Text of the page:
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find . -type d -name *log* | xargs ls -la

gives me the directory names (the ones which contain log in the directory name) followed by all files within that directory.

The directories  /var/opt/SID/application_a/log/,  /var/opt/SID/application_b/log/,  /var/opt/SID/application_c/log/ and so on contain log files.

I want only the two latest logfiles to be listed by the ls command, which I usually find using ls -latr | tail -2.

The output has to be something like this..

/var/opt/SID/application_a/log/
-rw-rw-rw-   1 user1    user1      59698 Jun 11  2013 log1
-rw-rw-rw-   1 user1    user1      59698 Jun 10  2013 log2
/var/opt/SID/application_b/log/
-rw-rw-rw-   1 user1    user1      59698 Jun 11  2013 log1
-rw-rw-rw-   1 user1    user1      59698 Jun 10  2013 log2
/var/opt/SID/application_c/log/
-rw-rw-rw-   1 user1    user1      59698 Jun 11  2013 log1
-rw-rw-rw-   1 user1    user1      59698 Jun 10  2013 log2

find . -type d -name *log* | xargs ls -la | tail -2 does not give me the above result. What I get is a list of last two files of find . -type d -name *log* | xargs ls -la command.

So can I pipe commands after a piped xargs? How else do I query, to get the resultant list of files in the above format?

find . -type d -name *log* | xargs sh -c "ls -ltr | tail -10"

gives me a list of ten directory names inside the current directory which happens to be /var/opt/SID and that is also not what I want.

  • 2
    You should quote the *log* otherwise the shell will expand it. – Anthon Jun 12 '15 at 13:28
  • Be aware that sh -c expects the command name (parameter 0) as its second argument, so you should always do find . -type d -name *log* | xargs sh -c "ls -ltr | tail -10" lstail (notice the lstail at the end, which will serve as $0 for the created shell). Otherwise the first of your results will fill that role and go unused. – Jonas Aug 16 '18 at 5:45
46

You are almost there. In your last command, you can use -I to do the ls correctly

-I replace-str

    Replace occurrences of replace-str in the initial-arguments with names read from standard input.  Also, unquoted blanks do not terminate input items; instead the separator is the newline character.  Implies -x and -L 1.

So, with

find . -type d -name "*log*" | xargs -I {} sh -c "echo {}; ls -la {} | tail -2"

you will echo the dir found by find, then do the ls | tail on it.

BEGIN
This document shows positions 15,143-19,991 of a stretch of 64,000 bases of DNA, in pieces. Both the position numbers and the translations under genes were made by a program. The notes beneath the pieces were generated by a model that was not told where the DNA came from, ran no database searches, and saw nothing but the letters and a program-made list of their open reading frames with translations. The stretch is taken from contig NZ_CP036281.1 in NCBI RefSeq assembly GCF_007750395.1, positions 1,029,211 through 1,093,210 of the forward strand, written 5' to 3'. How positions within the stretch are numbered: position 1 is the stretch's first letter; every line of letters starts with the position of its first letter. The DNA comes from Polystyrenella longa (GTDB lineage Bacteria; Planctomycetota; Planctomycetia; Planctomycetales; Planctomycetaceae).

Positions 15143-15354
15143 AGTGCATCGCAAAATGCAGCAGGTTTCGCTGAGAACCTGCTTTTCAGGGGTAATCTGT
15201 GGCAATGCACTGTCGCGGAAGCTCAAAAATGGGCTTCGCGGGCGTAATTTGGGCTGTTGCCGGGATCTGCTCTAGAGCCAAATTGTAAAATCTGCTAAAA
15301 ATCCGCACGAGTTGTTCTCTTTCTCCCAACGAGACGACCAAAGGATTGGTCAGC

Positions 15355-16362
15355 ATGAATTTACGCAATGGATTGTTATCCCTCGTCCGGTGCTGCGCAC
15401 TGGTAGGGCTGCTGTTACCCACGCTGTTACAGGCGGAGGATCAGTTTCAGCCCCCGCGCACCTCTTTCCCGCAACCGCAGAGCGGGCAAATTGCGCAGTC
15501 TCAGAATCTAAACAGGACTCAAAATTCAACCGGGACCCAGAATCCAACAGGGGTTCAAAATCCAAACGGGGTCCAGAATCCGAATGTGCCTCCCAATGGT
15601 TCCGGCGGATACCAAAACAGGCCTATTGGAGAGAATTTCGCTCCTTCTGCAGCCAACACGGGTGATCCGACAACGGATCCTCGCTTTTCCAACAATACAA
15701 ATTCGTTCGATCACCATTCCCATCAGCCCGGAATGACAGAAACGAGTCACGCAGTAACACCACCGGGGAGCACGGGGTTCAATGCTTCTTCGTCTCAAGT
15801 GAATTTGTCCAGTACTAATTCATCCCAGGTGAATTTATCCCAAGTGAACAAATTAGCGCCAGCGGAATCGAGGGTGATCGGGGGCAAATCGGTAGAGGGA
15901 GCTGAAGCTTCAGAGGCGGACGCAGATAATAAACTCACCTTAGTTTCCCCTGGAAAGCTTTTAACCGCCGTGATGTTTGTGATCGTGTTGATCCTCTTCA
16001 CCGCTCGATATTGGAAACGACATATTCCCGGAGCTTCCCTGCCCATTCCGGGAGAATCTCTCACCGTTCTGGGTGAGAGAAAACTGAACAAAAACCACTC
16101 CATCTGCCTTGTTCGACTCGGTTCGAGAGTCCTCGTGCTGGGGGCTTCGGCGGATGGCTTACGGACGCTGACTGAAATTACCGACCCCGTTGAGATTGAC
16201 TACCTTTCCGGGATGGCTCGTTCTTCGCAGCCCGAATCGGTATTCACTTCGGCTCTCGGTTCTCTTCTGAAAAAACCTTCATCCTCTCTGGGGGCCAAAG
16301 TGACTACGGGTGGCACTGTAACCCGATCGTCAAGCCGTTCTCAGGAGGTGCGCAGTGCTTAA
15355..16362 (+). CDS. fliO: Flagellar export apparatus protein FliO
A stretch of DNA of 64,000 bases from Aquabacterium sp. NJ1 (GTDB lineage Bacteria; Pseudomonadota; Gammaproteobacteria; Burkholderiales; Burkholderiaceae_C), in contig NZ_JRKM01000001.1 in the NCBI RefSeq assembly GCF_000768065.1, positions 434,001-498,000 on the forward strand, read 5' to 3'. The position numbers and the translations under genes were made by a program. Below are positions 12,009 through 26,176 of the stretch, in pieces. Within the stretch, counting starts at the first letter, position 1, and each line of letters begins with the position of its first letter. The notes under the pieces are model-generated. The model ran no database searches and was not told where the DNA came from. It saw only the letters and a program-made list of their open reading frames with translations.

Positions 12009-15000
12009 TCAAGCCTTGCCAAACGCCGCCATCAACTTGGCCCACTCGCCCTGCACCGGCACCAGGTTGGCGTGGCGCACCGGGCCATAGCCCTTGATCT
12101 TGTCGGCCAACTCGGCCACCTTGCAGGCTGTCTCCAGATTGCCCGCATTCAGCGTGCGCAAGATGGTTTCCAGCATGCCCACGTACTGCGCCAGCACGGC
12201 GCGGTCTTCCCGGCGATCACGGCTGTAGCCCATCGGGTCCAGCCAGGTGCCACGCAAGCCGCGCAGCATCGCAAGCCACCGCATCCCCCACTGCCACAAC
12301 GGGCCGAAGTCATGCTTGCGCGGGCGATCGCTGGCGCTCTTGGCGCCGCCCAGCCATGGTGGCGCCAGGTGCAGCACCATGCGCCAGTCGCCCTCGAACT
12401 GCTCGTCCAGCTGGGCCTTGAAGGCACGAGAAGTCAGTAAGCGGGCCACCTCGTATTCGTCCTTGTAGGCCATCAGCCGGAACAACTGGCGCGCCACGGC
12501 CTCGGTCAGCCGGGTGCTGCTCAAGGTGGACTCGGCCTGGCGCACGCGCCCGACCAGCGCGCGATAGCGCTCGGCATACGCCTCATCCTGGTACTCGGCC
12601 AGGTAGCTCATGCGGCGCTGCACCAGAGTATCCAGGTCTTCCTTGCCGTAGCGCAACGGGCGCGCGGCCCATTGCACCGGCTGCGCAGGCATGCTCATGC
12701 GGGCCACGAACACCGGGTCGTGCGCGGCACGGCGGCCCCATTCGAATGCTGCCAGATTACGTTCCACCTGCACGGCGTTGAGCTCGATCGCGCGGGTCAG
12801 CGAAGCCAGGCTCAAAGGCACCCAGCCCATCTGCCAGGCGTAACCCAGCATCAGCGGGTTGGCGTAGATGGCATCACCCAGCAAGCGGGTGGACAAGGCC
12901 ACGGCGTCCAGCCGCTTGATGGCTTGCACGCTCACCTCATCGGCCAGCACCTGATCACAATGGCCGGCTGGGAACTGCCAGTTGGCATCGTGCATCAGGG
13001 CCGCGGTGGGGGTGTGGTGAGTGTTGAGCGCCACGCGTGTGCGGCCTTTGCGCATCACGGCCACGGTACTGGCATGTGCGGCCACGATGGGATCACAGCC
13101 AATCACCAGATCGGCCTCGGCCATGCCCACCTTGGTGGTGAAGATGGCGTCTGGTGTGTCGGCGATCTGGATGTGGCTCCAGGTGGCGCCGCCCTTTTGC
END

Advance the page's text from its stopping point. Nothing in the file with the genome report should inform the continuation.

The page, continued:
• find . -type d -name "log" | xargs -I {} sh -c "echo {};ls -ltr {} | grep -E \"file_in|file_out\"|tail -5" I used this one. – anotherperson1 Jun 15 '15 at 12:10
  • 3
    I do with xargs -n 1 sh -c 'echo $0' – Ginhing Apr 21 '16 at 3:16
  • 1
    on macOS the replacement didn't work within the quoted command, so echo $0 was helpful (and more understandable) – mpuncel Nov 18 '16 at 17:31
  • 1
    To make it work with filenames with spaces, use -print0, xargs -0 and escape {} into double quotes inside the sh command: find . -type d -name "*log*" -print0 | xargs -0 -I {} sh -c "echo \"{}\";ls -la \"{}\" | tail -2" – Benedikt Köppel Mar 17 '18 at 17:11
  • I use "xargs -n 1 sh -c "echo \$0 | $func"` if I need to use the $func variable – god Feb 19 at 9:06
3

GNU Parallel makes this kind of tasks easy:

find . -type d -name "*log*" | parallel --tag "ls -la {} | tail -2"

If you do not want to do a full install of GNU Parallel you can do a minimal installation: http://git.savannah.gnu.org/cgit/parallel.git/tree/README

1

Just in addition to fredtantini and as a general clarification (since the docs are a bit confusing):

The xargs -I {} will take the '{}' characters from the standard input and replace them with whatever comes in from the pipe. This means you could actually replace {} with any character combination (maybe to better suite your preferred programming flavor). For example: xargs -I % sh -c "echo %". If you always use the xargs -I {} you can replace it with xargs -i as it is the shorthand.

The sh -c will tell your bash/shell to read the next command from a string and not from the standard input. So writing sh -c "echo something" is equivalent to echo something.

The xargs -I {} sh -c "echo {}" will read the input you created with sh -c which is echo {}. Since you told it to replace {} with the arguments you got from the pipe, that's what will happen.

You can easily test this even without piping, just type the above command in a terminal. Whatever you write next will get outputted to the terminal (Ctrl-D to exit).

In the ls -la {} command the same thing happens again. The {} is replaced with the contents of the pre-pipe command.

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